The U.S. Court of Appeals for the D.C. Circuit recently confirmed that DHS has the power to determine the time and conditions for an F-1 student’s stay in the United States, including periods of employment authorization, called Optional Practical Training (OPT). The appellate court recognized that the Immigration and Nationality Act (INA), as amended, specifically allows post-completion practical training and DHS has the authority to determine the duration and conditions of an OPT program, including an OPT extension for graduates of science, technology, engineering, or mathematics (STEM) programs.
After the Obama Administration extended the length of the STEM OPT program from 17 months to 24 months, the plaintiffs in the lawsuit challenged DHS’s authority to grant OPT contending such program “requires employers to provide foreign guest workers OPT mentoring without requiring that such program be provided to American workers.” The court noted OPT is an opportunity for foreign students “to achieve the objectives of their courses of study by allowing them to gain valuable knowledge and skills through on-the-job training that may be unavailable in their home countries” and students have been authorized to “work at jobs related to their studies since at least 1947”.
Under OPT, some F-1 students may be authorized to work up to three years -- an initial one-year period of regular OPT authorization is available to certain F-1 students; then students who received a degree in a designated (STEM) field and whose employer is registered in E-Verify may be eligible for an additional 24-month extension of OPT.
The DOS has released its instructions for the Diversity Immigrant Visa "Green Card" Lottery Program (DV-2024) for fiscal year 2024 (October 1, 2023, through September 30, 2024). The Lottery Program for DV-2024 registration will be open for only 34 days from October 5, 2022, at noon (EST) through close at noon (EST) on November 8, 2022. Applicants from eligible countries are encouraged to apply. While there is no fee to apply for the Lottery Program, only one application per individual is permitted.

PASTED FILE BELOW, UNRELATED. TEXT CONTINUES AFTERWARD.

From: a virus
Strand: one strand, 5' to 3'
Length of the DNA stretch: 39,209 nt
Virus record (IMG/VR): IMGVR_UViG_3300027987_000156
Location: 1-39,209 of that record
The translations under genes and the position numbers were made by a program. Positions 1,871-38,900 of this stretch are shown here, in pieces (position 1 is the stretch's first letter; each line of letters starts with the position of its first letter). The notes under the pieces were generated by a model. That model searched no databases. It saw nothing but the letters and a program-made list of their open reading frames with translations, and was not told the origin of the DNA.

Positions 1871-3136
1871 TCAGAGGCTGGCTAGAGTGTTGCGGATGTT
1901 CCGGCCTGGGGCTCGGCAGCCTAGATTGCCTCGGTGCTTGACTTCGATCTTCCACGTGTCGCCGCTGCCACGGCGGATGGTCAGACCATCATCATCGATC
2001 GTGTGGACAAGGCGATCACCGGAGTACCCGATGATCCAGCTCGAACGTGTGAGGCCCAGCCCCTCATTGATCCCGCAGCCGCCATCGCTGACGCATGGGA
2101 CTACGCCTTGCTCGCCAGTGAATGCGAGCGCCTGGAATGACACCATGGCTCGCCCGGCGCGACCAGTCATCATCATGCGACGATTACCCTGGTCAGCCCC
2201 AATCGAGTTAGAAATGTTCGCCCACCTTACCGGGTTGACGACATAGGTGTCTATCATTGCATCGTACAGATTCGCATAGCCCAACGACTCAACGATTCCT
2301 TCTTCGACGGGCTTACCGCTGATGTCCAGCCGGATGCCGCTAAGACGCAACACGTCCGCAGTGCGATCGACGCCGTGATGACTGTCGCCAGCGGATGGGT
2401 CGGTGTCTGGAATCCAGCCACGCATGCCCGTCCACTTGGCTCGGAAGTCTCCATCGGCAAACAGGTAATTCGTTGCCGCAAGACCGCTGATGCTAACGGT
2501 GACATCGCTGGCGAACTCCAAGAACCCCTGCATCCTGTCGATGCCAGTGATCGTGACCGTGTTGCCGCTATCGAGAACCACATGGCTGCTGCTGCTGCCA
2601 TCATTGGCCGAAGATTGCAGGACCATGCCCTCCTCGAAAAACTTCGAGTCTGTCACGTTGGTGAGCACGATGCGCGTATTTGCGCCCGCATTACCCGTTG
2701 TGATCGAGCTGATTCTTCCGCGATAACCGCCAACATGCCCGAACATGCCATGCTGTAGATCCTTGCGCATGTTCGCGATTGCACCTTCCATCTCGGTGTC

The DOS makes 55,000 "Green Cards" available annually to persons from countries having low rates of immigration to the United States and who have either completed a 12-year course of formal elementary and secondary education, or who within the past five years have two years of work experience in an occupation that requires at least two years of work experience to perform. Applicants for Diversity Visas are chosen by a computer-generated random lottery drawing. Beginning in May 2023, applicants can check the status of their registration online via Entry Status Check at https://dvprogram.state.gov to determine whether they were selected (a/k/a “winning the lottery”). The Entry Status Check is the ONLY manner in which entrants will be notified of their selection. The DOS will NOT mail or email any selection notification or correspondence to the lottery winners. Furthermore, the Entry Status Check will be the only way in which selected individuals will be provided further instructions on Immigrant Visa procedures – how to convert the lottery win to a Green Card.
Additional detailed information on the FY2024 Diversity Immigrant Visa Lottery is available in a Masuda Funai Client Alert - https://www.masudafunai.com/articles/dv-2024-green-card-lottery-open-from-october-5th-to-november-8th-for-eligible-applicants.
As noted in the 2022 Annual Report of the USCIS Ombudsman, as of December 31, 2021, U.S. Citizenship & Immigration Services (USCIS) had 725,418 applications to renew or correct a Permanent Resident Card (“Green Card”) to process. USCIS processed only 82,609 of such applications in the first quarter of FY2022. Noting heavy backlogs and limited processing capacities, USCIS is automatically extending the validity of the cards to 24 months for Lawful Permanent Residents (LPR) who apply to have filed a Form I-90, Application to Replace Permanent Resident Card.
An LPR who properly filed a Form I-90 to replace the Green Card receives a receipt notice which grants an interim extension of the validity of the Green Card. These receipt notices can be presented with an expired Green Card as evidence of continued permanent resident status for employment and international travel.
Previously, the Form I-90 receipt notice provided a 12-month extension of the validity of the Green Card. Now, with newly filed Forms I-90, the USCIS is extending the validity of a Green Card for 24 months. For those LPRs whose Form I-90 remains pending as of September 26, 2022, USCIS will be mailing out amended receipt notices indicating the Green Card is valid for 24 months post expiration. This extension is expected to help the applicants affected by longer USCIS processing times by providing them with proof of lawful permanent resident status as they await their renewed Green Card.
An LPR who no longer has the Green Card (lost, stolen, or for other reasons) and needs evidence of permanent resident status while awaiting the issuance of the replacement Green Card, may request an appointment with a USCIS Field Office by contacting the USCIS Contact Center for issuance of an Alien Documentation, Identification, and Telecommunication (ADIT) stamp.